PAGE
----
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DESIGNING CHANGE REQUEST WORKFLOWS

DESIGNING CHANGE REQUEST WORKFLOWS

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Published by Eric Mariacher
"Modern" software development companies use a change management tool. There are two kinds of possible change requests in a software: bug correction and feature implementation. Most of change management tools offer the possibility to implement a change request workflow to get visibility on the current status of the change request. In this article, simple to complex bug or feature development worflows will be built, based on answers given to a short list of questions and concerns.
"Modern" software development companies use a change management tool. There are two kinds of possible change requests in a software: bug correction and feature implementation. Most of change management tools offer the possibility to implement a change request workflow to get visibility on the current status of the change request. In this article, simple to complex bug or feature development worflows will be built, based on answers given to a short list of questions and concerns.

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Published by: Eric Mariacher on Oct 17, 2008
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DESIGNING CHANGE REQUEST WORKFLOWS9/5/2007 Page 1
 © 2007 Eric Mariacher. All rights reserved.
DESIGNING CHANGE REQUEST WORKFLOWS
By Eric Mariacher
1 ABSTRACT
"Modern" software development companies use a change management tool. There are two kinds of possible changerequests in a software: bug correction and feature implementation. Most of change management tools offer thepossibility to implement a change request workflow to get visibility on the current status of the change request. In thisarticle, simple to complex bug or feature development worflows will be built, based on answers given to a short list ofquestions and concerns.
 
DESIGNING CHANGE REQUEST WORKFLOWS9/5/2007 Page 2
 © 2007 Eric Mariacher. All rights reserved.
2 FIRST QUESTIONS
The 1st step in designing a change request workflow is to answer some questions:
Is the change request workflow a "bug" workflow or "feature development" workflow?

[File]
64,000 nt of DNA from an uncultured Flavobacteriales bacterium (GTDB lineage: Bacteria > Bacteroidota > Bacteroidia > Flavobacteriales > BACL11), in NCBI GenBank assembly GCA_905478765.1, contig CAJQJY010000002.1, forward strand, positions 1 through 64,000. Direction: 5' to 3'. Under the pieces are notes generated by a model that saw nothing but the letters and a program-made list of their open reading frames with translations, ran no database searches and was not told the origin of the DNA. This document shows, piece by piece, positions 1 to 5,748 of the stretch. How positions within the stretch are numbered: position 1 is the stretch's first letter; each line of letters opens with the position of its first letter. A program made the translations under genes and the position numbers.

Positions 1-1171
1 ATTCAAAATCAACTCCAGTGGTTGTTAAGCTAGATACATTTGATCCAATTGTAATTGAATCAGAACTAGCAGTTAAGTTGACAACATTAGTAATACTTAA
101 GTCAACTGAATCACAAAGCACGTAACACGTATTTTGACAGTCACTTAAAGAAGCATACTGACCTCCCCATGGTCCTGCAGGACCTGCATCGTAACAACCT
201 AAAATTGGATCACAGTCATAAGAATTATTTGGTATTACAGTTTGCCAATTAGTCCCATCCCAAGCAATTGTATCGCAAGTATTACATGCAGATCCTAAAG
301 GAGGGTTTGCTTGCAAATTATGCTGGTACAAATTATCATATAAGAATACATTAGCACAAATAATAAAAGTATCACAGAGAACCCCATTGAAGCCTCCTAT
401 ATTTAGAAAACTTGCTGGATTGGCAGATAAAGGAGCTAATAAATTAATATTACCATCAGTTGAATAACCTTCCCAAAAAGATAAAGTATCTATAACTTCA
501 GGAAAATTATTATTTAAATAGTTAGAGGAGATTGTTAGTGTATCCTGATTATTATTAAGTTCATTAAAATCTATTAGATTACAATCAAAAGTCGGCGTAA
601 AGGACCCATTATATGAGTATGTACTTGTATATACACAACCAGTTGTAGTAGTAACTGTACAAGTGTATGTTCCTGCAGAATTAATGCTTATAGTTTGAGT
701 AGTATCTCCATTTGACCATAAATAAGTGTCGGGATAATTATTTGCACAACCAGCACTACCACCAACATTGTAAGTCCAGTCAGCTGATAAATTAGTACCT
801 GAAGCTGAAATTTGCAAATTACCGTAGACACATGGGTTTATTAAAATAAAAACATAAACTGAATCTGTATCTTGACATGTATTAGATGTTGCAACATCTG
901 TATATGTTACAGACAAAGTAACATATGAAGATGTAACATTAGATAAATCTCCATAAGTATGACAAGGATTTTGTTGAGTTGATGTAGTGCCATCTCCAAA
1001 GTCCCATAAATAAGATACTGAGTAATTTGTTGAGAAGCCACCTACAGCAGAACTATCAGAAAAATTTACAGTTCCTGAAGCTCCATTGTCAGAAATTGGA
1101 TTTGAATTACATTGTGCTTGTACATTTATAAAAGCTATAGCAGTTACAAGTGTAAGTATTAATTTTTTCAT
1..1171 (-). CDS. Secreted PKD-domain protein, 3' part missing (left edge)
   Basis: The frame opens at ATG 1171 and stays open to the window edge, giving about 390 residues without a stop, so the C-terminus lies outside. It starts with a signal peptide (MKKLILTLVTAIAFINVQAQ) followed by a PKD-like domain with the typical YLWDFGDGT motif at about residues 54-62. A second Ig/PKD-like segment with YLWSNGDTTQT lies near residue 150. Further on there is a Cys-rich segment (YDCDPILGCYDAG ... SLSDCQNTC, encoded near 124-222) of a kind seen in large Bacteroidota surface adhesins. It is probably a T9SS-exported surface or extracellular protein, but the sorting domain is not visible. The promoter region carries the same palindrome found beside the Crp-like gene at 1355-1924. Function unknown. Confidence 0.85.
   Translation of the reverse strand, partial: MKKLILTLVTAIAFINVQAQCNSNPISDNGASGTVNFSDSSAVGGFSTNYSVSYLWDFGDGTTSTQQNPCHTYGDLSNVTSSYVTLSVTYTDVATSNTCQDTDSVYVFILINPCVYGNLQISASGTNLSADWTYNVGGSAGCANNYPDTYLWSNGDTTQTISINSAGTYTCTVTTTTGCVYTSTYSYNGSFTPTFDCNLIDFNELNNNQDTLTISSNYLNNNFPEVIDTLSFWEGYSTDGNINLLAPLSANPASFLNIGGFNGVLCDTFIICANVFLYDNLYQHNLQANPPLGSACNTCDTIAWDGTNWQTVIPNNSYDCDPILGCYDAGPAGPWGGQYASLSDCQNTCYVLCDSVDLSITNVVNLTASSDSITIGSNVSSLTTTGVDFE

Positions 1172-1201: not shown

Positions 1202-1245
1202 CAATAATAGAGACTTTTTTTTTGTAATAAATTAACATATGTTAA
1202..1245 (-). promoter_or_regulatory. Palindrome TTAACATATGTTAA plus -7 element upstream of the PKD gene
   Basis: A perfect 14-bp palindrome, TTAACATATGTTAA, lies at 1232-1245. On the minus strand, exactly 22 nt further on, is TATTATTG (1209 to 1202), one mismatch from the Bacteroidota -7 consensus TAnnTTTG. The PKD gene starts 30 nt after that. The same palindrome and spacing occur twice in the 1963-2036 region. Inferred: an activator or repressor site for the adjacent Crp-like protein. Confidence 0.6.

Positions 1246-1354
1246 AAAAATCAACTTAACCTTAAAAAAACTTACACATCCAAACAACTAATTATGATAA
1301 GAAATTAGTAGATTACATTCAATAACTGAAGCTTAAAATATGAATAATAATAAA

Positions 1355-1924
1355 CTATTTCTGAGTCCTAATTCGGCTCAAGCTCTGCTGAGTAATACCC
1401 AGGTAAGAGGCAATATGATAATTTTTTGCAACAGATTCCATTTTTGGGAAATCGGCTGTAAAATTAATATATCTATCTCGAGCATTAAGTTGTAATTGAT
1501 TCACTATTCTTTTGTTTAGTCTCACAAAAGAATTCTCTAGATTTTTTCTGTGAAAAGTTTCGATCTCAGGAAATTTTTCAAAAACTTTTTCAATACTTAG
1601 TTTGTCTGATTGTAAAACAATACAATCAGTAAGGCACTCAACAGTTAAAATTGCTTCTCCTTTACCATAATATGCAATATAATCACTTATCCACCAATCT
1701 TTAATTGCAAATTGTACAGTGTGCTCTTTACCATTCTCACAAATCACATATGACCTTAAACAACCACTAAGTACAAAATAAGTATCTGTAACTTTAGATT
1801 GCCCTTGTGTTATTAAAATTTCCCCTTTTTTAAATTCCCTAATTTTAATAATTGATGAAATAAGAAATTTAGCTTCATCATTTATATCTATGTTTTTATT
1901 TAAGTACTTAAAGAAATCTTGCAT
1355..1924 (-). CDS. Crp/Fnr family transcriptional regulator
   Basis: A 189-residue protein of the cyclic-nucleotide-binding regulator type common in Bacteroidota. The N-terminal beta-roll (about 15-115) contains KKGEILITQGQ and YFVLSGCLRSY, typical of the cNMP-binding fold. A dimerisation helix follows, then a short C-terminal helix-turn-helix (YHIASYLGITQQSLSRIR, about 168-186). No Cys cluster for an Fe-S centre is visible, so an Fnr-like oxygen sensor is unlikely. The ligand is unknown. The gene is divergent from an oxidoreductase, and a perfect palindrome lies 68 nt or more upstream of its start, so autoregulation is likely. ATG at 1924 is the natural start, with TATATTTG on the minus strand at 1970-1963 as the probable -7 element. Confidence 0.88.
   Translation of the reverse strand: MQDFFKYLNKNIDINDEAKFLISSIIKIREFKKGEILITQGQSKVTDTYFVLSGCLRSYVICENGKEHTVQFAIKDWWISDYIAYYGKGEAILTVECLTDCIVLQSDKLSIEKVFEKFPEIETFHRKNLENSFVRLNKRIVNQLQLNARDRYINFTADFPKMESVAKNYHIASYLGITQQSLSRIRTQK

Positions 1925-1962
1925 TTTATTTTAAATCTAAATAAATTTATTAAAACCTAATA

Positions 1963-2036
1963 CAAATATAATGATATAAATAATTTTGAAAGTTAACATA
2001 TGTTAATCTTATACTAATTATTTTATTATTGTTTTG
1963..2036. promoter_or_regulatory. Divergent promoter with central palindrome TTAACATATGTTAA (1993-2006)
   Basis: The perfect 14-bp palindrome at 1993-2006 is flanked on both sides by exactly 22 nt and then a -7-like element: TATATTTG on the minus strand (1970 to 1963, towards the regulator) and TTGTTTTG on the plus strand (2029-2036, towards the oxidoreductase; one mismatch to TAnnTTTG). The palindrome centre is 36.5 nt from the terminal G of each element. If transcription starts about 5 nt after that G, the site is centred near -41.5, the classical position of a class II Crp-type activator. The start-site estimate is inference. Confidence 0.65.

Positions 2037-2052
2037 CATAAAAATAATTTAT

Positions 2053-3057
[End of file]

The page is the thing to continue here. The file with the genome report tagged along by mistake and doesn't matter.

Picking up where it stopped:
Different processes are involved when handling bugs and feature requests even if the very high levelview is similar.
Who are the stakeholders going to use this workflow?
All software development stakeholders must be able to "use" this change request workflow withlimited overhead.
What is the average and maximum level of complexity of the software projects we are going to handlethrough this change request workflow?
 
It's always possible to design a perfect change request workflow, but covering 100% of possiblescenarios may induce (huge) overhead. On the other hand having enough visibility on the project isvital. When the change request management tool is used for several projects, a balance has to befound between having precise visibility and minimum use overhead.
3 DESIGNING A SIMPLE BUG WORKFLOW
The 2nd step is to design the workflow (let's choose a bug workflow). This workflow meant for project health visibilitymust help to answer some questions and be as simple as possible.
What is the status of that particular bug?
Though there can be a lot of statuses. They can be summarized into two main status "under control"vs "not under control".
Who is currently responsible for it?
Typically engineering/developers vs QA (quality assurance)Here is a table displaying what "under control" vs "not under control" means for engineering/developers and QA
not under control under controlEngineering/developer
bug not corrected bug corrected
QA
bug found
bug corrected by engineering but not yet tested by QAbug correction testedsuccessfullySome status names can be associated with cells from previous table:
not under control under controlEngineering/developer
open fixed 
QA
open 
released 
(to QA by engineering)
Closed 
(no problemany more)
 
DESIGNING CHANGE REQUEST WORKFLOWS9/5/2007 Page 3
 © 2007 Eric Mariacher. All rights reserved.
A good and simple workflow should make these 4 statuses visible:
A simple bug workflow
OpenReleasedClosedQA EngineeringFixed
 Colors in this figure show the level of “risk” associated with bug statuses:
 
Red
: change under control
 
Yellow
: change not under control
 
Green
: change process closedDuring my software development years, on a day to day basis, this bug workflow has been successfully used byengineering and QA teams. Bug current ownership/responsibility is clear:
Bug open and fixed is owned by engineering.
Bug released (and closed) is owned by QA.One comment I often get when showing this workflow is why to distinguish between fixed and released status? Theanswer is that communication between engineering and QA is often done by delivering “software releases” . These“software releases” may not always contains all current bug fixes for various reasons. Another reason is that it isgood information to know that a bug has been corrected by engineering (under control) but not yet delivered to QA.Distinguishing fixed and release statuses enables QA to only test what has been delivered to them.

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